Let's first establish that I understand that the NFL rule book is an extremely long piece of writing and is amended/tweaked by "interpretations" given to officials prior to the start of the season. This makes the rule book even longer and more complicated to administer. All of this is designed to make the interaction of 22 very large very fast people somehow "manageable". One can argue points about the rules forever-- that can be chalked up as good, clean, pointless fun.
The two disturbing things I saw this past weekend, however have absolutely nothing to do with the complexity of the rule book. These 2 instances have everything to do with the "little book" that comes with the big rule book-- the Official's Manual. The Manual prescribes the duties of each official as well as positioning and interaction between officials. There are no interpretations here, the protocol and procedures are cut and dried.
Let's look at the first of the 2 disturbing scenarios: Mike Tomlin is ON THE FIELD during a kick return, arguably causing the returner to change direction, absolutely causing the official to change direction. That official is responsible to monitor the sideline and is the ONLY person that can administer the sideline in that situation. This cannot be done while he is looking through a coach's body. The official is totally out of control in this scenario. He has lost vision of the sideline-- his primary responsibility. Tomlin might just as easily have told the official "he stepped out right here" (except he was too busy laughing) because the official had no clear view. The reason that sideline is painted white one yard deep is because ALL team personnel are to stay out of the zone so the officials can administer the game. This applies at all levels of football right down to pewee. I have played, coached and officiated for over 40 years and I can state with absolute certainty that if you MUST be on the field or in the zone when your team is playing-- if it really makes a difference-- you have no business coaching, you are just not good enough.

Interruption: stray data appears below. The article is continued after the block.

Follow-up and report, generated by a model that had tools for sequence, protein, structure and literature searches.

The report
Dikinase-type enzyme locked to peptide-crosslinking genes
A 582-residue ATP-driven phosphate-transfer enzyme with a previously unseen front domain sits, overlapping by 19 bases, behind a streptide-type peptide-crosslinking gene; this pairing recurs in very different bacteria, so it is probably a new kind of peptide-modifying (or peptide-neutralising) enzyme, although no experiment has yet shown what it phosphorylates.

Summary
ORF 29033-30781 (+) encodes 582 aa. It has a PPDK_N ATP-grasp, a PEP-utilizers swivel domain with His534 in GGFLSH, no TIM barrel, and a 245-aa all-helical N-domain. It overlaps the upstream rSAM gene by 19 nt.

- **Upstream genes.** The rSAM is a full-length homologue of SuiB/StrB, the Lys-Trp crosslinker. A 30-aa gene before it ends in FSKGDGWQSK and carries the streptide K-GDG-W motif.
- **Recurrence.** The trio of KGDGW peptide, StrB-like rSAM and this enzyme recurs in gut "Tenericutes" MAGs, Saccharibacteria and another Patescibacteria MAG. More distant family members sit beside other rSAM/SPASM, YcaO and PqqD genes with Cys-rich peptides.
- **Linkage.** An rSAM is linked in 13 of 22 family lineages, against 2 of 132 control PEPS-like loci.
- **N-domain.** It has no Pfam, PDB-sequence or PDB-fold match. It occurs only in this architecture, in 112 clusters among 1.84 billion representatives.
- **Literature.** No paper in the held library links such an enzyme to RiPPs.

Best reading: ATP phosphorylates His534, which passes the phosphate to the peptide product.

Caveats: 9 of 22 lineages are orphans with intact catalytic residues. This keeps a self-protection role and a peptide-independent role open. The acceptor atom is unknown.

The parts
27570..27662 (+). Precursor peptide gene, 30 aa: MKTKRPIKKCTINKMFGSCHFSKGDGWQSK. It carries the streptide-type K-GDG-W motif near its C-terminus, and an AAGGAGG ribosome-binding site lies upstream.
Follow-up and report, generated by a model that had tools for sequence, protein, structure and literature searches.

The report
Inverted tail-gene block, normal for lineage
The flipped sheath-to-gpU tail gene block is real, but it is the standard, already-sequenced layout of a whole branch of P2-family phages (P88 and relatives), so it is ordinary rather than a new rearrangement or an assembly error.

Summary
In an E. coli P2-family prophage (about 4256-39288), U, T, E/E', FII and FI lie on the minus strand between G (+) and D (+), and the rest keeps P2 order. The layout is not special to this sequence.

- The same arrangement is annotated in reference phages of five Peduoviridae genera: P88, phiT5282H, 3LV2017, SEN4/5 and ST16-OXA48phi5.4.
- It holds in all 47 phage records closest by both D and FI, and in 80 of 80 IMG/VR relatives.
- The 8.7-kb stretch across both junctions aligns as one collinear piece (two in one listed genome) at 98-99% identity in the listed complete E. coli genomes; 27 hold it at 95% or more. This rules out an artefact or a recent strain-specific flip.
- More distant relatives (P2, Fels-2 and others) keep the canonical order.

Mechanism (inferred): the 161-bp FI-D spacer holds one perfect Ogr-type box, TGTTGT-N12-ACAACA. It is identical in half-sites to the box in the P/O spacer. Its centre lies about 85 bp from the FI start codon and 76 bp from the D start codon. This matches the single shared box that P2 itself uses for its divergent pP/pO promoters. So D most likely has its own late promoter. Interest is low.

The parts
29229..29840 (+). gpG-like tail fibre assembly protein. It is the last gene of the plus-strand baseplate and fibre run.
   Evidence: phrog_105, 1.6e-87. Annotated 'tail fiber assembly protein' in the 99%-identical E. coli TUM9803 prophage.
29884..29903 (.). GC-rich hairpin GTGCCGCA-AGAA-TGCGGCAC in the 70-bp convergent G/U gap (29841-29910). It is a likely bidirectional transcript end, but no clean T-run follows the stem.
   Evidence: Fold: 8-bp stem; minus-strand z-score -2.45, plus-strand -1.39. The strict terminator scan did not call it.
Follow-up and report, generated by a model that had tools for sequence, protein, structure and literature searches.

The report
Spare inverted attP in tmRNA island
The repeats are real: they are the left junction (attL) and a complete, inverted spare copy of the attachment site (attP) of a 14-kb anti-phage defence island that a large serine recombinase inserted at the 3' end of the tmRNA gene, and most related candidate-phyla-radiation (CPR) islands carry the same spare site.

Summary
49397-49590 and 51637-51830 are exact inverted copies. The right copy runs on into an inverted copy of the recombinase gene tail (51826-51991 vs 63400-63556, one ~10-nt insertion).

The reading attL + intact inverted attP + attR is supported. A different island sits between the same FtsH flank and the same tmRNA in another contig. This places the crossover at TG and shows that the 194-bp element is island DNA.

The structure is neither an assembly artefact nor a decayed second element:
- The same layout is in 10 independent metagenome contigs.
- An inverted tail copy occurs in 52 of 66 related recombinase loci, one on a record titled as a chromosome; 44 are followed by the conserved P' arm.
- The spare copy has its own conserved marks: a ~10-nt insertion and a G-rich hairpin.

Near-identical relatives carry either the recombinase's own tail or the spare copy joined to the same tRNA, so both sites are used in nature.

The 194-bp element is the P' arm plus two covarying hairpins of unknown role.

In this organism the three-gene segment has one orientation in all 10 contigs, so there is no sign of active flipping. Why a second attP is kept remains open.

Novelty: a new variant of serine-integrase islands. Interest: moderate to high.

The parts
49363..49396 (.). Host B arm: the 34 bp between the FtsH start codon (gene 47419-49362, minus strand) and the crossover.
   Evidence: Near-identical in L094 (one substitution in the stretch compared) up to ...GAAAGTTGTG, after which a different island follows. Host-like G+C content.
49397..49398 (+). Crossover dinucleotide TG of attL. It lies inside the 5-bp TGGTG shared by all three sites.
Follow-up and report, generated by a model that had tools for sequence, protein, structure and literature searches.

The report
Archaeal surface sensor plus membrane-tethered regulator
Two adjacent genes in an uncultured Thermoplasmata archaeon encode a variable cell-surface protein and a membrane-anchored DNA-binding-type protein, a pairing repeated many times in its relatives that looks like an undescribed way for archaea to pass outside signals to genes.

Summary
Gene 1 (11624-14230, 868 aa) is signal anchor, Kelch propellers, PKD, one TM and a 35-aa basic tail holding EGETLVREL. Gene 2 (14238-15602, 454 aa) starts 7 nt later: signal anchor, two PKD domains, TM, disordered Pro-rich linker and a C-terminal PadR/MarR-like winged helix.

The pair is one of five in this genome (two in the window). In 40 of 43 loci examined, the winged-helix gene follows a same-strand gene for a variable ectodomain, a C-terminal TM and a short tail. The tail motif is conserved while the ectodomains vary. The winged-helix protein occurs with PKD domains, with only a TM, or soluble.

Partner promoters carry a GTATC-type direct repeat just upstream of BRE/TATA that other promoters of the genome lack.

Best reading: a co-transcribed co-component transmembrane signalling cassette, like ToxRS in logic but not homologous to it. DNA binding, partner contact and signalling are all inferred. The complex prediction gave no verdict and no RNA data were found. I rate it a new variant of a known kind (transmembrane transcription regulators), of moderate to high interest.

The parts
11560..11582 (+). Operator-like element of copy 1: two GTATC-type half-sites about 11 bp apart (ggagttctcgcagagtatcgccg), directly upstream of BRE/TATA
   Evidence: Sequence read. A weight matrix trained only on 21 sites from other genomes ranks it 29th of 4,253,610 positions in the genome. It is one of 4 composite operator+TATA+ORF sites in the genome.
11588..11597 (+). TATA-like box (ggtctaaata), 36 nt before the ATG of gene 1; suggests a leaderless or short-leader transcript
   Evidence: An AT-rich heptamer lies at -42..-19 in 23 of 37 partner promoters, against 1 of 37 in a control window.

The second disturbing scenario happened in the Giant-Redskin game when the head linesman free-lanced a first down call without the referee noticing. While this is inexcusable by itself my question is "where the hell is the chain crew?" The chain crew is an extension of the officiating crew, they are required to be non-partisan and they are also required to pay attention to what is going on. The front stake man is supposed to be looking just like everybody else and he can clearly see the first down was not made. The down marker man ( or "box man") is supposed to be matching downs with the head linesman AND THE REFEREE. When there is no match he says "the hat has 3- you have 1" or something similar -- that is his job. He is the last check on everything. A good chain crew makes the game smooth and should have caught this. While that does not absolve total incompetence on the part of the officiating crew, why is the chain crew out there if they are not going to pay attention? All the officials did was throw the Official's Manual in the trash-- the chain crew cost the Redskins the game.